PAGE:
Accordingly, a need remains for a method of high-speed continuous casting of aluminum alloys which minimizes the contact of belts with solidifying metal yet achieves uniformity in the cast strip surface at high production rates.
SUMMARY OF THE INVENTION
This need is met by a twin belt continuous casting apparatus for casting metal strip having (i) a first endless belt supported and moved on the surfaces of a first entry pulley and a first exit pulley and (ii) a second endless belt supported and moved on the surfaces of a second entry pulley and a second exit pulley, with an entry nip defined between the first and second entry pulleys and an exit nip defined between the first and second exit pulleys. A casting region into which molten metal is supplied is defined between opposing surfaces of the first and second belts moving on the first and second entry pulleys. Opposing surfaces of the first and second belts progressively diverge from each other in the direction of movement thereof. The angle of divergence between the opposing surfaces of the belts may range from about 10 up to about 90°. In one embodiment, the opposing surface of the second belt is substantially horizontal and the opposing surface of the first belt is at an elevated angle, e.g. ranging from about 1° from horizontal to vertical.
Another embodiment of the invention includes a continuous casting apparatus for casting metal strip having a rotating roll and an entry pulley defining a nip therebetween, an exit pulley spaced apart from the entry pulley, an endless belt supported and moved on a surface of the entry pulley and a surface of the exit pulley, and a casting region into which molten metal is supplied, the casting region being defined between a surface of the roll and an opposing surface of the belt moving on the entry pulley and the exit pulley. The roll may be internally cooled and have a casting surface including surface irregularities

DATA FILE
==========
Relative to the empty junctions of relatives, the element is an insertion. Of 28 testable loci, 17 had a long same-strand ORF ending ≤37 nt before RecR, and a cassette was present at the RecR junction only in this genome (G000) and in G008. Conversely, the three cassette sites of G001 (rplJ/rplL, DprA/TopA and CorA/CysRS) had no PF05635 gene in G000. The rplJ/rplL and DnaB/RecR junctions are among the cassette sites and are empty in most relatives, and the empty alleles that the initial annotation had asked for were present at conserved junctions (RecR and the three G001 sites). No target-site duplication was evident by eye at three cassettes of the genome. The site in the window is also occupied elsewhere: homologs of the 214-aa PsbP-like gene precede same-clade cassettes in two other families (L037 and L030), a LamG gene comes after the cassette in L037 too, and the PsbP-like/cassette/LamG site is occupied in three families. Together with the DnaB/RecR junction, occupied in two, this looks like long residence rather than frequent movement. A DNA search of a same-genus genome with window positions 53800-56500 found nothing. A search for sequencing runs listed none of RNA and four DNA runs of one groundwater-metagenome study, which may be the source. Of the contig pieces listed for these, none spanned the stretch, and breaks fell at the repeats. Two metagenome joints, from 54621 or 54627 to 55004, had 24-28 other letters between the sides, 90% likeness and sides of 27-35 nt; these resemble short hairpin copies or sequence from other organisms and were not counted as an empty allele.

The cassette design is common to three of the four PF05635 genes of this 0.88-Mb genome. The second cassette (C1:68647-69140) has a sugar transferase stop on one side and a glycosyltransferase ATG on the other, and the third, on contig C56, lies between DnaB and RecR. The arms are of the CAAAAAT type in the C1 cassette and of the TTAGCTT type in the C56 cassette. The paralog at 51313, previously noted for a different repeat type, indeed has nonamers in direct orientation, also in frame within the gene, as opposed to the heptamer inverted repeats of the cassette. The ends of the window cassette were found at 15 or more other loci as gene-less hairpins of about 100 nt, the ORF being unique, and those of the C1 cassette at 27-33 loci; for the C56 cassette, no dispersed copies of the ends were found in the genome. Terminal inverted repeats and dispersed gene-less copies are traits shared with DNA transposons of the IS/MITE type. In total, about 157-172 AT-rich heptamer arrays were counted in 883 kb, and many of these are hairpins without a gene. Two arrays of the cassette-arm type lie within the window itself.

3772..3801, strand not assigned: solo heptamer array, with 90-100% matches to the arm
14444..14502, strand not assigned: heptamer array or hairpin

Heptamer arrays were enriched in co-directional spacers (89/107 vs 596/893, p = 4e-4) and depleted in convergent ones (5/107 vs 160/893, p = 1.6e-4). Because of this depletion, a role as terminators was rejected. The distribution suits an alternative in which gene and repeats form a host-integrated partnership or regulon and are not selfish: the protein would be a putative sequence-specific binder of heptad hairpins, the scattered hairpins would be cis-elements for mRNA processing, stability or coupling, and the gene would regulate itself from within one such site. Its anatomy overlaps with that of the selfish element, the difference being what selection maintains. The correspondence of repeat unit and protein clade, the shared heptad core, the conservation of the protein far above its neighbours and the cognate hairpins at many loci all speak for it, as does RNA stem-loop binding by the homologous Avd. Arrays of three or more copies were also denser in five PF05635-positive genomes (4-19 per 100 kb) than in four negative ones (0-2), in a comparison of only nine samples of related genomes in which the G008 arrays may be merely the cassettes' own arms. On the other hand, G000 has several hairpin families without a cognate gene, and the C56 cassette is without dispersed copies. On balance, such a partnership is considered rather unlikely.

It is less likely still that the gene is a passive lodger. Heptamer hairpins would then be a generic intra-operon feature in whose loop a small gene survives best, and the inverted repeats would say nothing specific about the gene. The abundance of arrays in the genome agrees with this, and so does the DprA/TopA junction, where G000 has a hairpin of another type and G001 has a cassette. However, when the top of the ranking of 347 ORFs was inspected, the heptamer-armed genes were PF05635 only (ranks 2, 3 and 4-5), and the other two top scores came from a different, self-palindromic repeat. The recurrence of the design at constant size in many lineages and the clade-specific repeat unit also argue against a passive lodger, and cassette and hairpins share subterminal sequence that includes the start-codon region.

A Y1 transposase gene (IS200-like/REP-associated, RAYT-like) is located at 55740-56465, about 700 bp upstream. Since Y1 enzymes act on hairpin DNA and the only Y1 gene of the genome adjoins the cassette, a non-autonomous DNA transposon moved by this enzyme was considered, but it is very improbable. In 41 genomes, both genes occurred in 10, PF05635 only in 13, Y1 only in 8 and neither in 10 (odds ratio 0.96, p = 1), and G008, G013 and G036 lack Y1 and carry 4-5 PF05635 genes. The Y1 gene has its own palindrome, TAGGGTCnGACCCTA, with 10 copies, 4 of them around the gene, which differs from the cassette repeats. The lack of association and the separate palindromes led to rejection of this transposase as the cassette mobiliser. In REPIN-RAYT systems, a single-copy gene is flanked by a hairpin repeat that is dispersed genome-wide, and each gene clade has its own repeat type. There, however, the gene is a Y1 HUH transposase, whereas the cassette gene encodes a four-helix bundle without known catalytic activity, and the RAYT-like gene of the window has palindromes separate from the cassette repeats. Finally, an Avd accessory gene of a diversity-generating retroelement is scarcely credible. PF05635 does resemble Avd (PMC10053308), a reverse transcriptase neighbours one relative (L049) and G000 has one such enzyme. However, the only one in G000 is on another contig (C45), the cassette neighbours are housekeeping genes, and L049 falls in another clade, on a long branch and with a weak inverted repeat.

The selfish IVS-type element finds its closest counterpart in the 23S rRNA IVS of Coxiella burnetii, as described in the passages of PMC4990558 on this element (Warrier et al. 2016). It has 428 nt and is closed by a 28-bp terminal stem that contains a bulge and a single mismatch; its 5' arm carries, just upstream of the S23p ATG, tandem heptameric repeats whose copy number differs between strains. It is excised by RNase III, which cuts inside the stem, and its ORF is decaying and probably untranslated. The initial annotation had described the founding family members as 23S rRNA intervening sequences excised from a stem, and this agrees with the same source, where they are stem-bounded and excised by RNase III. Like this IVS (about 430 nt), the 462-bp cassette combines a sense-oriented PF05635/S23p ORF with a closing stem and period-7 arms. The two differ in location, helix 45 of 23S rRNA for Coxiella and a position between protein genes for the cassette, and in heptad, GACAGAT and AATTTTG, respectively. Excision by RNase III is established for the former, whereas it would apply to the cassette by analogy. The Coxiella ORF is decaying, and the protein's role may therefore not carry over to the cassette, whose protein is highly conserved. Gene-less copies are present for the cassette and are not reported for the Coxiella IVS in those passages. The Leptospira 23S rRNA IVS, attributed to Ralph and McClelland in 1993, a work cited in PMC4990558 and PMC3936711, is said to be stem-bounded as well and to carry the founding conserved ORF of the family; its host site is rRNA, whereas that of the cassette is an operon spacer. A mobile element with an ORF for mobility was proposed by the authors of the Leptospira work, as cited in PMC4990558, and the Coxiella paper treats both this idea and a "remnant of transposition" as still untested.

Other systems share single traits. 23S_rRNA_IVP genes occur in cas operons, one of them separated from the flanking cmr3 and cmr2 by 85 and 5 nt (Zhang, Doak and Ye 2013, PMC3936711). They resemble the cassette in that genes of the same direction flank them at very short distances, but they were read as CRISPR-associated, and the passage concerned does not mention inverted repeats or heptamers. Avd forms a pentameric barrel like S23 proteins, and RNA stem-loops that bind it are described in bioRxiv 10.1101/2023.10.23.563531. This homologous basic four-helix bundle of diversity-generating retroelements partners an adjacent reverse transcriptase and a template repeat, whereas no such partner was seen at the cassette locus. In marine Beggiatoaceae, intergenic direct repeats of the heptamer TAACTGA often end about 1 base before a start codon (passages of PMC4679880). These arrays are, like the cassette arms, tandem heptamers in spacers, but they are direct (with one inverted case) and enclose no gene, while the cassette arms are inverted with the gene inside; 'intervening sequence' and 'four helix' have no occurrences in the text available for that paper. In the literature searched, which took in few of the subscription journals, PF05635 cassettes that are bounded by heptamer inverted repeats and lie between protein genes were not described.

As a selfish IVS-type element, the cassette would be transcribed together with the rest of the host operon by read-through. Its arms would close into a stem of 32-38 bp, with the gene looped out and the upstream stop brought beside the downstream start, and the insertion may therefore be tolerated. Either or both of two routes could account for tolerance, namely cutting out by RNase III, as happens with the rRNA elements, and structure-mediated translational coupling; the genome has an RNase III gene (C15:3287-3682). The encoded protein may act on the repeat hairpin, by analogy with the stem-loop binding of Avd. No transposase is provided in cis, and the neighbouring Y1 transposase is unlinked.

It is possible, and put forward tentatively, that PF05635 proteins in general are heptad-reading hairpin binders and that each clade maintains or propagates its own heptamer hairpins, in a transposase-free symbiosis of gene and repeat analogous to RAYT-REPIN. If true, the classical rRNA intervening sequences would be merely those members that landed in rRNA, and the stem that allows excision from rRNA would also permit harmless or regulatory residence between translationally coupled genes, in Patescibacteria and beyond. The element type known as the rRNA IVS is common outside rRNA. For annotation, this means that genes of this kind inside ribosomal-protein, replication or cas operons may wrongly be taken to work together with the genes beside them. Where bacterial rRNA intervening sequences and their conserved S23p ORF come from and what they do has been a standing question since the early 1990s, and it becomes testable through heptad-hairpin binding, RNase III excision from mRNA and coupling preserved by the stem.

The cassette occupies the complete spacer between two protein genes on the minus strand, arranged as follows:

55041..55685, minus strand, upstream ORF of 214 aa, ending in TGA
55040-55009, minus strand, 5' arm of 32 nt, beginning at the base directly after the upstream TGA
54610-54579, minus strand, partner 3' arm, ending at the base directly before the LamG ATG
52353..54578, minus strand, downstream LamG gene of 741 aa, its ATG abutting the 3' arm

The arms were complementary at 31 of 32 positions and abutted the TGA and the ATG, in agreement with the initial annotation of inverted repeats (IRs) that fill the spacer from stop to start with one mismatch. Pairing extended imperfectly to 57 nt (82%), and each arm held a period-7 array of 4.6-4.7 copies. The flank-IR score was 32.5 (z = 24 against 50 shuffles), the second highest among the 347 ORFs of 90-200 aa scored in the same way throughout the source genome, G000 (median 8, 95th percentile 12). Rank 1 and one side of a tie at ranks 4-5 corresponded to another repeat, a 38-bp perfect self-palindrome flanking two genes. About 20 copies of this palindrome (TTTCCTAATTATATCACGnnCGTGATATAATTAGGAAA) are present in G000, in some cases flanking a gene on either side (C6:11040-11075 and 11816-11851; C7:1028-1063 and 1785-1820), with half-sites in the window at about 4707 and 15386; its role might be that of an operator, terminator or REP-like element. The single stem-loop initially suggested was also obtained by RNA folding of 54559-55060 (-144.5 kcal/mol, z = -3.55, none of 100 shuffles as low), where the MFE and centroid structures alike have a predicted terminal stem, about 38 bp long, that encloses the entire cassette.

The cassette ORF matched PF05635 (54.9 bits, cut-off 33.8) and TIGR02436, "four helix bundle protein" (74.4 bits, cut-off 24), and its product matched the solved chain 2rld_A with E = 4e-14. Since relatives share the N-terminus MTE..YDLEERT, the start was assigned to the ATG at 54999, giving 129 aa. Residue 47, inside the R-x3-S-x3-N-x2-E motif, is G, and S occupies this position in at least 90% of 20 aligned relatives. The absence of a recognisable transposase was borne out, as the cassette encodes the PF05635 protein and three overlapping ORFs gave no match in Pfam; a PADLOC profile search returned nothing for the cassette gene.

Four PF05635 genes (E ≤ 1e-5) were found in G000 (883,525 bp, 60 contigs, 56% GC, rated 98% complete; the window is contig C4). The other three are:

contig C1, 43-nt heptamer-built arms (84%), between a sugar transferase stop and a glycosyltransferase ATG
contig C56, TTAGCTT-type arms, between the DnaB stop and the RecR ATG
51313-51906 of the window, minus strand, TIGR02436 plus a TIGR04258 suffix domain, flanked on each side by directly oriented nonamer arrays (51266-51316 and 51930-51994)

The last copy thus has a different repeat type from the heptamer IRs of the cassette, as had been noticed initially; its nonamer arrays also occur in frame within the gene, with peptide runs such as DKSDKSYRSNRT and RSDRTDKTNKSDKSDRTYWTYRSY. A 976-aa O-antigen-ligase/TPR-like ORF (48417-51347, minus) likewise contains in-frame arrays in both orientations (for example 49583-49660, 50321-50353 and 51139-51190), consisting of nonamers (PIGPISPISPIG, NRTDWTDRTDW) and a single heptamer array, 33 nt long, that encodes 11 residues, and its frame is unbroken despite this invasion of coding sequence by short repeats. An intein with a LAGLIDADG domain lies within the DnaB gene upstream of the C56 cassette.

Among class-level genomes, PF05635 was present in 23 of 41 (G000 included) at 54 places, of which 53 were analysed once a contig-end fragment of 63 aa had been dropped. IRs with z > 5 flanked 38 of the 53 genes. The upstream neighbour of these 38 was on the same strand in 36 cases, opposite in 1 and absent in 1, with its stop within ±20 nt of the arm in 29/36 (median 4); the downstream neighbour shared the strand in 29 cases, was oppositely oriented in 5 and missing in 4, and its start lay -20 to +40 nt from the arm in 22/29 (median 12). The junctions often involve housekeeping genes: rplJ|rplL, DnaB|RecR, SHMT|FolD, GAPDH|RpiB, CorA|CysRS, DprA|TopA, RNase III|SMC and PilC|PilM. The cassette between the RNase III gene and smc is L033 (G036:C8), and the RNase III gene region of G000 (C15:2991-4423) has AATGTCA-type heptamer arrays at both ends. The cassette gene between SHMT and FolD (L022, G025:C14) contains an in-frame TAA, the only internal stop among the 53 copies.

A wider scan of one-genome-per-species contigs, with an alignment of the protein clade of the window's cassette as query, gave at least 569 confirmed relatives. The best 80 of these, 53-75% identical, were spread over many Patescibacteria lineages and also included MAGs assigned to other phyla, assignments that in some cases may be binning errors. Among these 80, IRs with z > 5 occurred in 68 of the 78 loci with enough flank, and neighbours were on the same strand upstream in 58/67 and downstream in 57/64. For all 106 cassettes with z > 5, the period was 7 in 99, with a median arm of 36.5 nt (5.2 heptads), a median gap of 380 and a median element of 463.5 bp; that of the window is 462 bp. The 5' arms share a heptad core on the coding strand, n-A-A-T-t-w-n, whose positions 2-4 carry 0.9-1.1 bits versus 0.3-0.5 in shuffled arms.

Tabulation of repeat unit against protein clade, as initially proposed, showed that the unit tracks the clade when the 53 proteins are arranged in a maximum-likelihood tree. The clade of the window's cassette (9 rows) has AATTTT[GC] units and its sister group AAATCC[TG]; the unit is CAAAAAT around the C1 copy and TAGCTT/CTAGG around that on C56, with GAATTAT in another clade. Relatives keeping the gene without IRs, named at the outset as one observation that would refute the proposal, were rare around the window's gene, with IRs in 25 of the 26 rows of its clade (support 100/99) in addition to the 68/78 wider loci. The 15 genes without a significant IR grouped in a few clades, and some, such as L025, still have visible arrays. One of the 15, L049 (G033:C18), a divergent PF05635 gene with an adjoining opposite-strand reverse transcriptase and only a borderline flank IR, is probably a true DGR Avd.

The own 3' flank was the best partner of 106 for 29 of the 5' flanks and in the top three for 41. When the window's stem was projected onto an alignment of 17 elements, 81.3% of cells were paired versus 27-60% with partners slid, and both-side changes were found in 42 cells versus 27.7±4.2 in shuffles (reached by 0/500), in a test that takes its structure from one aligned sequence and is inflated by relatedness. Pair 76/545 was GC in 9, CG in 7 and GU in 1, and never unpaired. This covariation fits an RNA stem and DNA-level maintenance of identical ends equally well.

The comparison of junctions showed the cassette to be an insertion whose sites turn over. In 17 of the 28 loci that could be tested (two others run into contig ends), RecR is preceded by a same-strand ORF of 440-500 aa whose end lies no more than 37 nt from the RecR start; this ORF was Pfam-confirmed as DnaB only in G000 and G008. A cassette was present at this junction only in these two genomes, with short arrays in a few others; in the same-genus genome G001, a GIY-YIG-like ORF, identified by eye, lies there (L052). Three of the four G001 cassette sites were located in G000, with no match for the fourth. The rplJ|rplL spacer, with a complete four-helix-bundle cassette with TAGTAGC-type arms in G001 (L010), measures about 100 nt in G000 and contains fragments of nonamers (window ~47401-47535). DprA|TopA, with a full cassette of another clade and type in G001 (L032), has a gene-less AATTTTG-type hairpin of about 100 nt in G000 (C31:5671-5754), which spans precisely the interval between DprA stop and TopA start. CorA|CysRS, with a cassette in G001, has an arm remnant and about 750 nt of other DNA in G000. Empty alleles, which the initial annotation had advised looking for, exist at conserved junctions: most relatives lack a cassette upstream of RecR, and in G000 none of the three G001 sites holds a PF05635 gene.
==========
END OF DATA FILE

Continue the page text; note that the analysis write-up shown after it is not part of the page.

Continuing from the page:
In operation, the casting apparatuses of the present invention can produce strip at a rate of over about 25 to about 400 feet per minute or at a rate of over about 100 to about 300 feet per minute. The force applied by the first and second entry pulleys to the metal passing through the entry nip is about 25 to about 700 pounds per inch of width of the strip. The metal cast preferably is non-ferrous, such as an aluminum alloy produced into strip having a thickness of about 0.07 to about 0.25 inch.
BRIEF DESCRIPTION OF THE DRAWINGS
A complete understanding of the invention will be obtained from the following description when taken in connection with the accompanying drawing figures wherein like reference characters identify like parts throughout.